It’s late on a Sunday afternoon, and practically all human life in Chiang Mai is homed in on Tha Pae Gate, the unofficial start of a once-weekly walking street. I’ve been here before and know what I’m getting myself into—hilltribe products hawked by real-life hilltribe people; feeding frenzies under hot tarpaulin in narrow temple grounds; very public massage; textiles, silver, and replica paintings; a surreal corridor of bath products, synthetic light, and sun-kissed skin. I am also well aware that by the time I reach the midway point, my energy will have flagged, my calves will have cramped, and all objects for sale will have eddied into an indistinguishable blur of cotton cloth and primary colours.
Yet here I am, barrelling into the maw of the beast.
As a rusty sky turns into a black veil, Ratchadamnoen Road, cutting through the heart of the old town, fills with roving herds of day-trippers returned and urban trekkers wandering to guesthouses in elephant pants. The air acquires the sweet jasmine scent of the recently pampered as they pass by. On the cusp of the walking street, I’m solicited by a man whose songthaew is parked on the curb. He leans against the hood. On the windshield is a faded decal of a big cat. Like vines, tendrils of chest hair have climbed over the collar of his aloha shirt. A half-smoked cigarette stays glued to his lower lip. “Tiger Kingdom?” he suggests. I decline, and his attention reverts to market-going masses.
This setting is like a theatre of the absurd. The lighting is hot and yellow, the music off in the distance. Audience and actor approach, but remain separated by the wall between outsider and insider, tourist and native, punter and purveyor. Conversation isn’t so much stymied as it is stuck on peripheral topics. And the crowds are unbearable. Not just in terms of size, but also for what they represent. In every stare fixed on children dancingfor pocket change, every negotiation for faux Birkenstocks mired over 10 baht—in every itinerant soul that brushes against my shoulder I see myself and feel pangs of cynicism and guilt. Other tourists are the truest window to the soul.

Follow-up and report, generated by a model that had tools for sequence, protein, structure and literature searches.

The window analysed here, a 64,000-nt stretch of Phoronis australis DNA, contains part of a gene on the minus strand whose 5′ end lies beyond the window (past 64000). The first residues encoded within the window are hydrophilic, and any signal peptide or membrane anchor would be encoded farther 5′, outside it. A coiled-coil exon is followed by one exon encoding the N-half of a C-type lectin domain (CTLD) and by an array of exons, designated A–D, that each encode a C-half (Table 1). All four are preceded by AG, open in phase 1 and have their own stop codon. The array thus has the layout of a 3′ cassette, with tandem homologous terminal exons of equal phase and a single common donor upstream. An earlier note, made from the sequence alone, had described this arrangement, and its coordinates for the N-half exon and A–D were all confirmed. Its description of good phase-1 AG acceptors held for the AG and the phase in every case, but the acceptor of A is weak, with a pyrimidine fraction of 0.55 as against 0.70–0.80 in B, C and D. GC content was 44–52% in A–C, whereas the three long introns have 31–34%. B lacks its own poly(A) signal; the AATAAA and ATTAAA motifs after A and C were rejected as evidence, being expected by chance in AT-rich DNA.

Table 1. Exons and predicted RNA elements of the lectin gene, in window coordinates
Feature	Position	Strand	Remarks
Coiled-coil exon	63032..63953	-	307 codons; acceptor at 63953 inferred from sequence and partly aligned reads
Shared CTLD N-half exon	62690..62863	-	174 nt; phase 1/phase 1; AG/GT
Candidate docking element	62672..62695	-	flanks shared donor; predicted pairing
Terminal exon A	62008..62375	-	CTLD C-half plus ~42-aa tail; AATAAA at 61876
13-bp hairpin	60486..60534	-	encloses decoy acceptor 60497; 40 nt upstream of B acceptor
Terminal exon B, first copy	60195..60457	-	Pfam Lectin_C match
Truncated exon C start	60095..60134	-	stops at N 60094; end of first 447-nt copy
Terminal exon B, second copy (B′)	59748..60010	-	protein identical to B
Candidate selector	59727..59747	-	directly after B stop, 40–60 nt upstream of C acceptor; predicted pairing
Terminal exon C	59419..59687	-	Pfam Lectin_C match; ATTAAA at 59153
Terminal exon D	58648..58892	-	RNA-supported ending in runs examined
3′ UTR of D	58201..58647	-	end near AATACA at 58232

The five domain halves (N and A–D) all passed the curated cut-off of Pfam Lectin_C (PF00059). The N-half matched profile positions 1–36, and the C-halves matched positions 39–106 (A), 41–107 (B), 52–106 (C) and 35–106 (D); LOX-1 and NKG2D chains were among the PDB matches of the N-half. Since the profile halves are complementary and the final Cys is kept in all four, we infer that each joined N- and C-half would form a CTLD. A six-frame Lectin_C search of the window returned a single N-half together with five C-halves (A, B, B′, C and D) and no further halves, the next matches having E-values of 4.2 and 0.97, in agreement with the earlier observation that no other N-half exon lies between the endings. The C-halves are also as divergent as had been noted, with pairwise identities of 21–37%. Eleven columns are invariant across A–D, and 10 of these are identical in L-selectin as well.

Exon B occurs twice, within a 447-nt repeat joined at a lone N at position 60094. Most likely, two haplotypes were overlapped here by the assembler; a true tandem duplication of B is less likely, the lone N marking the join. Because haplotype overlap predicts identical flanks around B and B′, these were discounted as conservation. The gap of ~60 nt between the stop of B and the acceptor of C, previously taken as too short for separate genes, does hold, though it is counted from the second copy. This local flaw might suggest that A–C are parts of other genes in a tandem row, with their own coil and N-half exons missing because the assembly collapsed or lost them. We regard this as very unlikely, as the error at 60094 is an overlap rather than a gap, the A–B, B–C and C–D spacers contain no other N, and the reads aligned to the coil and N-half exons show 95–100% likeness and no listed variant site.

On Monday morning, I wake up early to go running around the moat. As soon as I’ve finished, my fiancé and I are taking our 125cc Honda Click rental to Mae Rim, the neighbouring district and most accessible wilderness. I’m warming into something of a strained canter when I reach an intersection, where a paunchy middle-aged man, wearing a late-day look at the daybreak hour, eyes me up, head to toe. “Tiger Kingdom?” he whispers, sweeping his arm like a display model showcasing a songthaew. This is the seventh time he’s invited me into his cherry-red truck in two days. I’ve ridden in plenty before. Always bone-rattling, often life-threatening, especially when ascending the kind of gradients we’re about to ascend, but without seat belts or reachable handlebars. No, thanks.
When I return to the corner an hour later, the songthaew tout is guiding a couple of Spanish tourists into his yawing death machine. This is a shame, I think. Despite the risk inherent in travelling on two thin wheels, which is at least as great as putting one’s faith in a semi-professional taxi-truck driver, the motorcycle’s appeal to primal instincts is too great to deny. Motorcycles—or, in this case, scooters—have a way of bringing us closer to ultimate reality. Ask Harley owners for their thoughts on freedom. Robert Pirsig wrote an entire book about it. In “Zen and the Art of Motorcycle Maintenance,” he talked about leaving behind metaphysical constraints—about how, after a while on the road, one completely forgets the act of driving. Stripping away the conceptual grid, only the asphalt, the elements, and the driving exist. And eventually one becomes the driving in and of itself.
This, on the one hand, is the selling point of Mae Rim. Or, in broader terms, Chiang Mai. All travellers find the hyper-advertised Tiger Kingdom, not to mention a few unsavoury reptile farms and ATV parks, upon turning off the highway and onto the mountain road. But these are easily avoidable and only representative of a certain breed of tourism. Mae Rim is also a massive splash of raw green on a rapidly expanding map. The road and its proximate attractions are surrounded by jungles and peaks, offering the possibility to escape from the herd—and from oneself—when on two wheels. Circumstantial freedom, in other words: the ability to drive wherever you want, whenever you want.